@Scientists, Life Achievements and Childhood
Kary B. Mullis born at
Kary B. Mullis has been married four times and has three children. He is currently married to Nancy Cosgrove.
He enjoys writing and surfing.
Kary Banks Mullis was born on December 28, 1944, in Lenoir, North Carolina, to Cecil Banks Mullis and Bernice Alberta Barker. Theirs was a loving family and he grew up to be very close to his grandparents. His family had a farming background and he liked to observe the farm animals and other living organisms.
He attended Dreher High School where he developed an interest in chemistry. Later on he went to the Georgia Institute of Technology in Atlanta from where he earned a Bachelor of Science (BSc) degree in chemistry in 1966. Married for the first time by now, he also started a business.
He then proceeded to the University of California, Berkeley, for his graduate work and performed research work in J. B. Neilands' laboratory where he focused on synthesis and structure of bacterial iron transporter molecules. He completed his PhD in 1972 and lectured in biochemistry there until 1973.
Kary B. Mullis then became a postdoctoral fellow in pediatric cardiology at the University of Kansas Medical School where he focused on the areas of angiotensin and pulmonary vascular physiology. In 1977, he began two years of postdoctoral work in pharmaceutical chemistry at the University of California, San Francisco.
In between, he gave a thought to abandoning his career in science and managed a bakery for two years. His friend Thomas White, however, encouraged him to return to science.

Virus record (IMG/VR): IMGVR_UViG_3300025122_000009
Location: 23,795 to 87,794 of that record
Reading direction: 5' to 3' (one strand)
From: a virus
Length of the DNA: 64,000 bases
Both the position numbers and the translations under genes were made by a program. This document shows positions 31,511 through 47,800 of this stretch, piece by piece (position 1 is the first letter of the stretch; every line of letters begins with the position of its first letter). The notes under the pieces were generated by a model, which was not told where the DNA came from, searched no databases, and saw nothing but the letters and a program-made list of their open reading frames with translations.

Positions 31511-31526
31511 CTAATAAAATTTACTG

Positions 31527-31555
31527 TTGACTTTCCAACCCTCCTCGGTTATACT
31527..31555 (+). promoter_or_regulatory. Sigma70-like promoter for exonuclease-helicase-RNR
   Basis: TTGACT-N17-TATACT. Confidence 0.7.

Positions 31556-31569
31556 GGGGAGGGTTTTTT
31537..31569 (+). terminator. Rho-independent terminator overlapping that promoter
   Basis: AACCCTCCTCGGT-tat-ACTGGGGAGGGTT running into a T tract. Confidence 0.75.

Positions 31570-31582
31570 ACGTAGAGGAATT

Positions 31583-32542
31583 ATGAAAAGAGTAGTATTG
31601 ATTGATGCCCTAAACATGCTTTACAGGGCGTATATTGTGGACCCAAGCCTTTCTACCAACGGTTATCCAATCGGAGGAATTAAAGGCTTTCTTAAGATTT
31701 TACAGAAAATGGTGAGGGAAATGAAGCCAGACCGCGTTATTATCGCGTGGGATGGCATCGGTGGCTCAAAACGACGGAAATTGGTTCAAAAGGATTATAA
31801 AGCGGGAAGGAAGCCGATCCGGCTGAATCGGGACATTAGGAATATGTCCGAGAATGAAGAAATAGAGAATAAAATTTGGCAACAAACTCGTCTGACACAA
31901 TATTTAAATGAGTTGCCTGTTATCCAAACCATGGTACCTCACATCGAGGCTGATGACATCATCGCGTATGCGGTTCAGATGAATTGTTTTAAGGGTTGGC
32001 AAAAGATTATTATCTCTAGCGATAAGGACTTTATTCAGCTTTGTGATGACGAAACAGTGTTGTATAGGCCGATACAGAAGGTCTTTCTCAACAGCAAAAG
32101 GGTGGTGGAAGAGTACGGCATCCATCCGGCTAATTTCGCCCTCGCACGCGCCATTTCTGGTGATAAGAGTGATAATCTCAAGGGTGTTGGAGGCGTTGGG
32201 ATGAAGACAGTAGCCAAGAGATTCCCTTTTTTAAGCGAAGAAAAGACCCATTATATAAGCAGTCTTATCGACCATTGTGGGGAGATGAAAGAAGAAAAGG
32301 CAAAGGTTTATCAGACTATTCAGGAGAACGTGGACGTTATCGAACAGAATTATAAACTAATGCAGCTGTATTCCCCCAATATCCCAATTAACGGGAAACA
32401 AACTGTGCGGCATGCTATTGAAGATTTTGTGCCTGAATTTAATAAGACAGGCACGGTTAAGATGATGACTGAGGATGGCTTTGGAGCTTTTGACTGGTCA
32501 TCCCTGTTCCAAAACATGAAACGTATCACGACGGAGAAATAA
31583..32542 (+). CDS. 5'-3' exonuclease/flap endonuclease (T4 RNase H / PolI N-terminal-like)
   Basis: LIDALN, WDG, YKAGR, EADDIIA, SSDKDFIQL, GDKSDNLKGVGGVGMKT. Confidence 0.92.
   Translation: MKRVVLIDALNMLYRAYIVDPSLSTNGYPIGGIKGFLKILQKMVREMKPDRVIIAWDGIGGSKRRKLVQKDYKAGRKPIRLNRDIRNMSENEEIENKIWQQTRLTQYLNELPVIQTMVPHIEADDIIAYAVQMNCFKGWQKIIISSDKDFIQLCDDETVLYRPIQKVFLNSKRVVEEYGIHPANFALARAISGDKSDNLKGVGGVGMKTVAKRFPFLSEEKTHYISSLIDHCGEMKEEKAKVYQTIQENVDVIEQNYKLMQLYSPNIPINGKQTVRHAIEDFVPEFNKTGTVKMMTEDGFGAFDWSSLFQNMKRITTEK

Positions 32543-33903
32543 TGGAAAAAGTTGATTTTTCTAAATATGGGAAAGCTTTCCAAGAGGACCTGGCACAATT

In 1979 he joined the biotechnology company Cetus Corporation of Emeryville, California, as a DNA chemist. It was there that he began his seminal work on oligonucleotide synthesis that led to his improvements to the polymerase chain reaction (PCR).
During that time, the available methods for obtaining a specific sequence of DNA in quantities sufficient for study were not only very difficult, but also time-consuming and expensive. In 1983, Mullis developed his method of PCR by making improvements to the previously known methods.
His technique which multiplies a single, microscopic strand of the genetic material billions of times within hours is of high significance to the scientific fraternity and is considered one of the biggest scientific techniques of the 20th century. The PCR process has multiple applications in medicine, genetics, biotechnology, and forensics.
Kary B. Mullis is known for the development of polymerase chain reaction (PCR), a technique used in molecular biology to amplify a single copy or a few copies of a piece of DNA across several orders of magnitude. This is a very important technique used in medical and biological research labs for a variety of applications.